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times and places of feeding, and what are its favorite articles of diet. From this life history he can decide on the character of the remedy to be applied, and when and where the remedy can best be used. Therefore the pharmacist may wisely turn to his jars and boxes, his store-rooms and laboratories, and try to discover what manner and number of insects he is to array himself against.
Referring to some of the more common and destructive pests attacking stored drugs, the mites (order, Acarina) may first be noted. The mites, commonly enough represented and known in the case of the familiar flour or cheese mite, are minute, rounded-oval, eight-legged insects, with the mouth parts arranged to form a piercing beak. The body is not divided into head, thorax, and abdomen, as is the case with other insects, but all these parts are coalesced or merged into a single mass. While many mites suck the blood from animals or the juices from plants, many others feed on “dry food.” Among these are the flour and cheese mites, and sugar mites with soft, smooth, whitish body (see Fig. 263), and belonging to the genera Tyroglyphus, Rhizoglyphus, and Glyciphagus. Many species of these genera of mites, besides being found in sugars, meals, and other vegetable products in the store-room, attack dried animal remains, cantharides suffering severely from the ravages of several species of Glyciphagus (see Fig. 264). The presence of the mites in the cantharides jars is indicated by much powder and broken bits of the beetles gathering on the bottom of the jars. In this mass of powder and fragments can be seen with the naked eye many small, moving, whitish specks, the mites. These specks, examined under the microscope, will reveal the characteristic shape and appearance of the mites.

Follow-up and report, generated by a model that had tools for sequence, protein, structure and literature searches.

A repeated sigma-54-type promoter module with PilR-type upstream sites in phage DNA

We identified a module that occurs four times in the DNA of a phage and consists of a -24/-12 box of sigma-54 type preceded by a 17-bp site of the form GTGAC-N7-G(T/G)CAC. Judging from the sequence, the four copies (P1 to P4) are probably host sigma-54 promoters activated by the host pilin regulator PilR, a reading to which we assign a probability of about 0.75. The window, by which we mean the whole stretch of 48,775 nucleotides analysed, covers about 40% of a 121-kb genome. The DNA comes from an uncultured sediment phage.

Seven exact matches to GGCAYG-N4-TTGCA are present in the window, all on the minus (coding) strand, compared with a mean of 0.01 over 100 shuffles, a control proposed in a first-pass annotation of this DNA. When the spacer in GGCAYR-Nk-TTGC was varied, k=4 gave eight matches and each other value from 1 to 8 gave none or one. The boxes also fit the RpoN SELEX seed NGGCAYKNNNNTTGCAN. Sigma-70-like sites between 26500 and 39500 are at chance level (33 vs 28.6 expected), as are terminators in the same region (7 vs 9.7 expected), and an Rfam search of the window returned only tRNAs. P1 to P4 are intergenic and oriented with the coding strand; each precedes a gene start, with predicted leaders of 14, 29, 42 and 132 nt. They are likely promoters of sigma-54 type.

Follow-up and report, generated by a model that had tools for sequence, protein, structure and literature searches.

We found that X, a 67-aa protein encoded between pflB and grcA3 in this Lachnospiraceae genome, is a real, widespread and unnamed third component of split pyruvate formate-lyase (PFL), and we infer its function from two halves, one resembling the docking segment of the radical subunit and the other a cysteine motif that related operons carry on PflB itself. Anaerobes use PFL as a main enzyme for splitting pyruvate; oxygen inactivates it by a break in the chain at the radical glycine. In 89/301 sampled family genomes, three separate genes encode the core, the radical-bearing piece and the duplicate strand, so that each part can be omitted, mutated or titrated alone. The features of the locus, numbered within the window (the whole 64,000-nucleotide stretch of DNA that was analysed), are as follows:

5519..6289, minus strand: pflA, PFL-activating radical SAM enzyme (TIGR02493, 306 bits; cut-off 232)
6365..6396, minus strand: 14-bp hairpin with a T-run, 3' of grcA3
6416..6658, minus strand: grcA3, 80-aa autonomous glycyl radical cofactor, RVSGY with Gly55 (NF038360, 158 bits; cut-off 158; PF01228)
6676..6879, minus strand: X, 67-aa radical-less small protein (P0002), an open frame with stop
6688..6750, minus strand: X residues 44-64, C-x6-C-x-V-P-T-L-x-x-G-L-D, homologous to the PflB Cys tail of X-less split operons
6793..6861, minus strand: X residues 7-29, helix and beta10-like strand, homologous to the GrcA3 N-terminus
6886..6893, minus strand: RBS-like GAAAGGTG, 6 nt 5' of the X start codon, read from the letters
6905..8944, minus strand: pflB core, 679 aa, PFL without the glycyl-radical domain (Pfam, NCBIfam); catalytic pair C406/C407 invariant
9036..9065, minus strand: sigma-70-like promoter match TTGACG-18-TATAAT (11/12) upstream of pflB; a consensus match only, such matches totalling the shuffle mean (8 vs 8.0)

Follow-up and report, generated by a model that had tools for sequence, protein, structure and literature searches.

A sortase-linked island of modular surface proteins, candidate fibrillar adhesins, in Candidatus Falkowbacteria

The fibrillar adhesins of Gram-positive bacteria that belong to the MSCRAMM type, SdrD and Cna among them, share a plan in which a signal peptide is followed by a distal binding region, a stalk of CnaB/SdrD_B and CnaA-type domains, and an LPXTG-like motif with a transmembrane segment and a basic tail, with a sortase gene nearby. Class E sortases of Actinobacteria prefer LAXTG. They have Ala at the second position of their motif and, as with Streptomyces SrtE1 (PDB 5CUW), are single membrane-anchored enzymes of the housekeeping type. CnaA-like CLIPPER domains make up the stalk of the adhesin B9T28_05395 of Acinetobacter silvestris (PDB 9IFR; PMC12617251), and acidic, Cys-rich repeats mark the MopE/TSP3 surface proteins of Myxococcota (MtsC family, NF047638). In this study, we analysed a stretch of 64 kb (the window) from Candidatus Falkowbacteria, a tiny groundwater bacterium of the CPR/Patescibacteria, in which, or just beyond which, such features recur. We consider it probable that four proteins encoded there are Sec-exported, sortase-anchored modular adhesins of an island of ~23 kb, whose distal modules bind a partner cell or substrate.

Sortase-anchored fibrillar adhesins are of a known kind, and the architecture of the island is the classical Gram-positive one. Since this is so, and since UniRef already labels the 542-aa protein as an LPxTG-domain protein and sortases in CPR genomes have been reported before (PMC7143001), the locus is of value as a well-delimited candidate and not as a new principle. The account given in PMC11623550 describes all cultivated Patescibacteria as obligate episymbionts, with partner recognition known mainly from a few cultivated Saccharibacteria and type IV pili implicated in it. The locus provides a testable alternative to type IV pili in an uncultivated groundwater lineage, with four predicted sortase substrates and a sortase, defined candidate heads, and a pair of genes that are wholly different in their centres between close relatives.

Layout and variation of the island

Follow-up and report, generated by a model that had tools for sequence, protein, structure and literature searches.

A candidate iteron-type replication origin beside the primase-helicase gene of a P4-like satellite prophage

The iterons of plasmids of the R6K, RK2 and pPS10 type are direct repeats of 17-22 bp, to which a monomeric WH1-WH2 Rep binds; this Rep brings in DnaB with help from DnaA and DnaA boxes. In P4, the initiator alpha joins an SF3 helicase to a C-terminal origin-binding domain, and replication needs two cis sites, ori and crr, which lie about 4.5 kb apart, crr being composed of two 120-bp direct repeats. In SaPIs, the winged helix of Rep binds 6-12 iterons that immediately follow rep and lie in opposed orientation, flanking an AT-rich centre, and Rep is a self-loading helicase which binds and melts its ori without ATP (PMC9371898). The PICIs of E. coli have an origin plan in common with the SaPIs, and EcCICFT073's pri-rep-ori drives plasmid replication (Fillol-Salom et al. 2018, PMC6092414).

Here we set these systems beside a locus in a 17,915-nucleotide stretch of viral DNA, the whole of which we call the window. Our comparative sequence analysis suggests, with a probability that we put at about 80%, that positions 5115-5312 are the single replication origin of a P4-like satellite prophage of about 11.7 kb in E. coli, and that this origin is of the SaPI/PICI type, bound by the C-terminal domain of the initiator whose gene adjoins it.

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The most abundant pest in the pharmacal store-rooms appears to be a small, brown beetle, Sitodrepa panicea, belonging to the family Ptinidæ, a family whose members, in both larval and adult stages, feed on dead, dry vegetable and animal matter. This family comprises a number of small beetles, rarely exceeding a quarter of an inch in length, and usually brownish in color. A conspicuous and distinctive character is the hoodlike prothorax, the head being so bent or drawn back under it as to be almost concealed (see b, Fig. 265). Sitodrepa panicea, the especially abundant species of this family, is from 2 to 3 mm. long, with a brown, subcylindrical body. It is almost entirely covered with many fine, short, yellowish hairs, which, on the upper surface of the body, are arranged in parallel longitudinal lines; the upper surface of the body (strictly, only the wing-covers) is finely striated (see a, Fig. 265). The head is almost concealed by the thorax, the front margin of the thorax reaching to the eyes. The head is also bent strongly downward. The young, or larva, of this beetle is a small white grub with three pairs of legs, and strong, dark brown jaws. The grub when lying at rest usually assumes a semicircular position (see c, Fig. 265). They feed voraciously on the drug, grow rapidly, and, after two or three weeks, pupate, and soon change into the perfect beetle. The beetle also feeds upon the drug by means of